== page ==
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600 Capitol Way North, Olympia, WA 98501-1091

This document is provided for archival purposes only.
Archived documents do not reflect current WDFW regulations or policy and may contain factual inaccuracies.

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August 22, 2008
Contact: Susan Yeager, (360) 902-2267

Commission will consider $10 penalty
for crabbers who don’t report catch

The Washington Fish and Wildlife Commission will meet Sept. 5-6 in Olympia to consider action on several issues, including a proposal to impose a $10 penalty on Puget Sound sport crabbers who fail to comply with state catch-reporting requirements.

The commission, which sets policy for the Washington Department of Fish and Wildlife (WDFW), will also receive a staff briefing on minimum age requirements for hunting in various states. Currently, Washington has no minimum age for hunting, although hunters born after Jan. 1, 1972 are required to complete a hunter-education course before they can purchase a license.

The public meeting, scheduled to begin at 8:30 a.m. both days, will be held in the Natural Resource Building, Room 172, 1111 Washington St. S.E. in Olympia.

Earlier this year, the state Legislature approved a measure that provides the commission the authority to impose a $10 penalty for Puget Sound sport crabbers who fail to report their catch. WDFW is now asking the commission to use that authority – starting Dec. 1, 2009 – to help improve compliance with catch-reporting regulations.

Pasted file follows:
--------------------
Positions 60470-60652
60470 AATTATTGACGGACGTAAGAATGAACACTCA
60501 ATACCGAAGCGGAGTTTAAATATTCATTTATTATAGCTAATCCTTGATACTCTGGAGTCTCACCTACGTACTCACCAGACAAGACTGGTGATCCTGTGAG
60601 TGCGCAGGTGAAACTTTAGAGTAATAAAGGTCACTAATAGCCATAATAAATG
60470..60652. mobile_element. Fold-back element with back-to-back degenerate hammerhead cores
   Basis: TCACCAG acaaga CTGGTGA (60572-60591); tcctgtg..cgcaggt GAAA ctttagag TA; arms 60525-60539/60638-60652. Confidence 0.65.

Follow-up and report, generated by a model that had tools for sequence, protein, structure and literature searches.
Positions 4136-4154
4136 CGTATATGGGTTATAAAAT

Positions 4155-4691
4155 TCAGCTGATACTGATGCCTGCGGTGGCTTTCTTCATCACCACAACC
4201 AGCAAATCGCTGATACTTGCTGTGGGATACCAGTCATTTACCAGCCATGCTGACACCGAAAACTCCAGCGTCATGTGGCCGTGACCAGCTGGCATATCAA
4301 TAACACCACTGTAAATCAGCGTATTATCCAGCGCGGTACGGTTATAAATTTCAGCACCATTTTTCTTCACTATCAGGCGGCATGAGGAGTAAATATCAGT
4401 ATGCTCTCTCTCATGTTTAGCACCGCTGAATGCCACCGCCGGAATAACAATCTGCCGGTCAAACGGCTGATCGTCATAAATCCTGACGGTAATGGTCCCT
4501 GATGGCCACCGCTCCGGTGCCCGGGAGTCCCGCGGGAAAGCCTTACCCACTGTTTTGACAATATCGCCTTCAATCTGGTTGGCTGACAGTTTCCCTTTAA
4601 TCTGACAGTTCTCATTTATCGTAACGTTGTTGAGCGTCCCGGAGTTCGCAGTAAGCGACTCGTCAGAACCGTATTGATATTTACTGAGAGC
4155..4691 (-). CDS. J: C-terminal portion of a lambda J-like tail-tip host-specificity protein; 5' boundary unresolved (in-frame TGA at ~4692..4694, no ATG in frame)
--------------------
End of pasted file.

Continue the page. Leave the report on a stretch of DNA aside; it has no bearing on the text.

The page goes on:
On other issues, the commission will consider:

  • Whether to approve WDFW’s proposed 2009-15 Game Management Plan in its current form, or defer action until further refinements are made. The six-year plan is designed to guide the long-term management of game species.

  • Closing all special-permit hunts for deer and elk on the Yakima Training Center this year. The U.S. Army has requested the closure because training schedules will not allow for public access to the training center this fall.

  • Approving four proposed land transactions, including the transfer to WDFW of 604 acres owned by the Cascade Land Conservancy in Grays Harbor and Pacific counties. WDFW has also proposed the acquisition of 815 acres in Okanogan and two properties in Yakima County to protect habitat for fish and wildlife.

The commission will also receive a briefing on cost-saving measures planned by WDFW and will discuss options for reducing the cost of its own operations. A public hearing is also scheduled on proposals for the commission’s 2009 meeting calendar.

Additional information on the meeting, including a preliminary agenda, is available on the commission’s website ( or by calling (360) 902-2267.